I work to better understand the ecology and evolution of parasites and parasitism, and to use them to enhance general ecological and evolutionary science.
One major facet of this broad goal is to reveal the role of parasites in ecosystems. History and modern ecology tell us that parasites can strongly influence individuals, populations, and communities. Despite this, parasitism is usually ignored in ecological research. Hence, I seek to understand the impacts of parasites on various ecological processes, at big and small scales. An example is our recent documentation of substantial parasite biomass in estuarine food webs.
Another major aspect of my work comes from recognizing that parasites are bona fide species and comprise a massive chunk of biodiversity. Parasites also differ in basic ways from free-living species. Well, it's a no-brainer that generalizations about life should pertain to most life. So, I consider parasites to test, refine, and buttress our efforts to construct universal schemas that characterize all life. An example of this is our recent work enhancing metabolic-scaling theory to predict the abundance of all species—parasitic or not—in food webs.
I also work to reap the benefits of using parasites and their hosts as tractable study systems to tackle general ecological and evolutionary theory. For example, hosts provide natural, discrete replicates of parasite assemblages. From an ecological standpoint, this can facilitate novel examination of community structure and dynamics. As an example from the evolutionary side of things, parasitic castrators—body-snatcher parasites—can allow uniquely powerful tests concerning the general forces driving adaptive evolution. Another example involves the recent discovery of eusociality in trematodes, which opens the door for novel research dealing with the processes underlying sociality.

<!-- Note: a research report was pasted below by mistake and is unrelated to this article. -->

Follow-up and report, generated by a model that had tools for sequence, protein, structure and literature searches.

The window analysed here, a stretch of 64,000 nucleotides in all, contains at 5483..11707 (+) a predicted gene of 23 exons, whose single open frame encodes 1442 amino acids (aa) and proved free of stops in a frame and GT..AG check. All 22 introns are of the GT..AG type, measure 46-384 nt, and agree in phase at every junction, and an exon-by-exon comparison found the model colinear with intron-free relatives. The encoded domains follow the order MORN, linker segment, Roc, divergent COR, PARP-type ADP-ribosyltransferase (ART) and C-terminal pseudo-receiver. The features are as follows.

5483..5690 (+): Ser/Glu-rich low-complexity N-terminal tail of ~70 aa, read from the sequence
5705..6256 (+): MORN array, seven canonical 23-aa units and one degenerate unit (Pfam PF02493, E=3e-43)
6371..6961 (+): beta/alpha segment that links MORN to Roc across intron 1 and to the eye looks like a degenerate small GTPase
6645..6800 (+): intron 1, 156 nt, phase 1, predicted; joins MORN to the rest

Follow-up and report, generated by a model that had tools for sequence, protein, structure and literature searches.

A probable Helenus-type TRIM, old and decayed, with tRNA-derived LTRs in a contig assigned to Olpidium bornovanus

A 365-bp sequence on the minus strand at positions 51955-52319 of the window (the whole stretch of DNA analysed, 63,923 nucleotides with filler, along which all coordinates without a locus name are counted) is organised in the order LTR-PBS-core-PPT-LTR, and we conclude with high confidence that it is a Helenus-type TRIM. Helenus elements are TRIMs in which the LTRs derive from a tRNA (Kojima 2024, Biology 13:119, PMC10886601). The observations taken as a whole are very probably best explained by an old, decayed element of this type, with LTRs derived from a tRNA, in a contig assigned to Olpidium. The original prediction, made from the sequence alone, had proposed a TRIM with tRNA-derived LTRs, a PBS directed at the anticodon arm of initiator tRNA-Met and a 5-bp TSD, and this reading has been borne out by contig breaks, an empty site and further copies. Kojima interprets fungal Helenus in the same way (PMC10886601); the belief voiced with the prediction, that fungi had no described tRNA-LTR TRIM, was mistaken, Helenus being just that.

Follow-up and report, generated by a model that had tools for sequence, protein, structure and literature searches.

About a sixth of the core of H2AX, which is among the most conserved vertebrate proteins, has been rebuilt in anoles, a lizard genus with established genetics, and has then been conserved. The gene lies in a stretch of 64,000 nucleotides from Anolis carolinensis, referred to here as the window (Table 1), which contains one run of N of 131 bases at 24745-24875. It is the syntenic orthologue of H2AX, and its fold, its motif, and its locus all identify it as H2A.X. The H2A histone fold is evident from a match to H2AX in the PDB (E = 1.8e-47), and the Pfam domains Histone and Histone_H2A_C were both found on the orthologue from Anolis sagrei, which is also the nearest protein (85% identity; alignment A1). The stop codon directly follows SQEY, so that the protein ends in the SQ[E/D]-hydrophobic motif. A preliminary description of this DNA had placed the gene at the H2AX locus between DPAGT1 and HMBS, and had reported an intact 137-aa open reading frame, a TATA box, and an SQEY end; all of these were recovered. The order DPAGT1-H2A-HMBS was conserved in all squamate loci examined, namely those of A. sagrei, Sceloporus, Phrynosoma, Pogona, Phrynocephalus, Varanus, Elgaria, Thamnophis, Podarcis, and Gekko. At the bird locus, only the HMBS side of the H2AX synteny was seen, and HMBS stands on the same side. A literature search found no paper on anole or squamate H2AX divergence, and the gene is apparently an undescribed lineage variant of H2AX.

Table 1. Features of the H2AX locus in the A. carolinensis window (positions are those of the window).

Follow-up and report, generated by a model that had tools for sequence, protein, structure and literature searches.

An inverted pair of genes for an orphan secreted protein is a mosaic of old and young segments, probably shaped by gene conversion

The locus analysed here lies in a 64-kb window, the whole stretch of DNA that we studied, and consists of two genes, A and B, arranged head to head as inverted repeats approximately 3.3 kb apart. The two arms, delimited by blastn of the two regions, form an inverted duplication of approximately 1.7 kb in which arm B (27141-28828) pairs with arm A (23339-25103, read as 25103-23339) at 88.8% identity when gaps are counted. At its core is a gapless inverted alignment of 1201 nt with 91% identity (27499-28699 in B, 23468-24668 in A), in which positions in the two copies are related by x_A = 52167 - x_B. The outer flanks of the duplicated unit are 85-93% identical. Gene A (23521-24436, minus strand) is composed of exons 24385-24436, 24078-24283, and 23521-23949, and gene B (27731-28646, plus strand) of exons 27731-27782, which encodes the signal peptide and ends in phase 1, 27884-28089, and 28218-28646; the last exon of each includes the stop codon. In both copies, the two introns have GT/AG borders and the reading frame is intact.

Under the umbrella of these large goals concerning parasites and parasitism, I pursue many sorts of questions. I focus quite a bit on community, population, and evolutionary ecological issues. I deal with the metabolic theory of ecology, food webs, phylogeography, biogeography, invasion biology, basic life-history theory, sociobiology, and good ol' fashioned descriptive parasitology. I also work on directly applied issues, particularly using parasites as ecological indicator tools and as biological control agents.
Concerning study systems, I'm inordinately fond of trematodes, parasitic castrators (body snatcher parasites), and tidal wetlands. To answer questions, I use observations and experiments from the field, lab, and computer, always with a conceptual or quantitative theoretical context and an effort to "keep it real". Additionally, I work with many excellent people. Concerning students, I'm interested in energetic and enthusiastic students who can help either deepen or broaden my expertise. That is, they can work either within or outside my main research topics and study systems.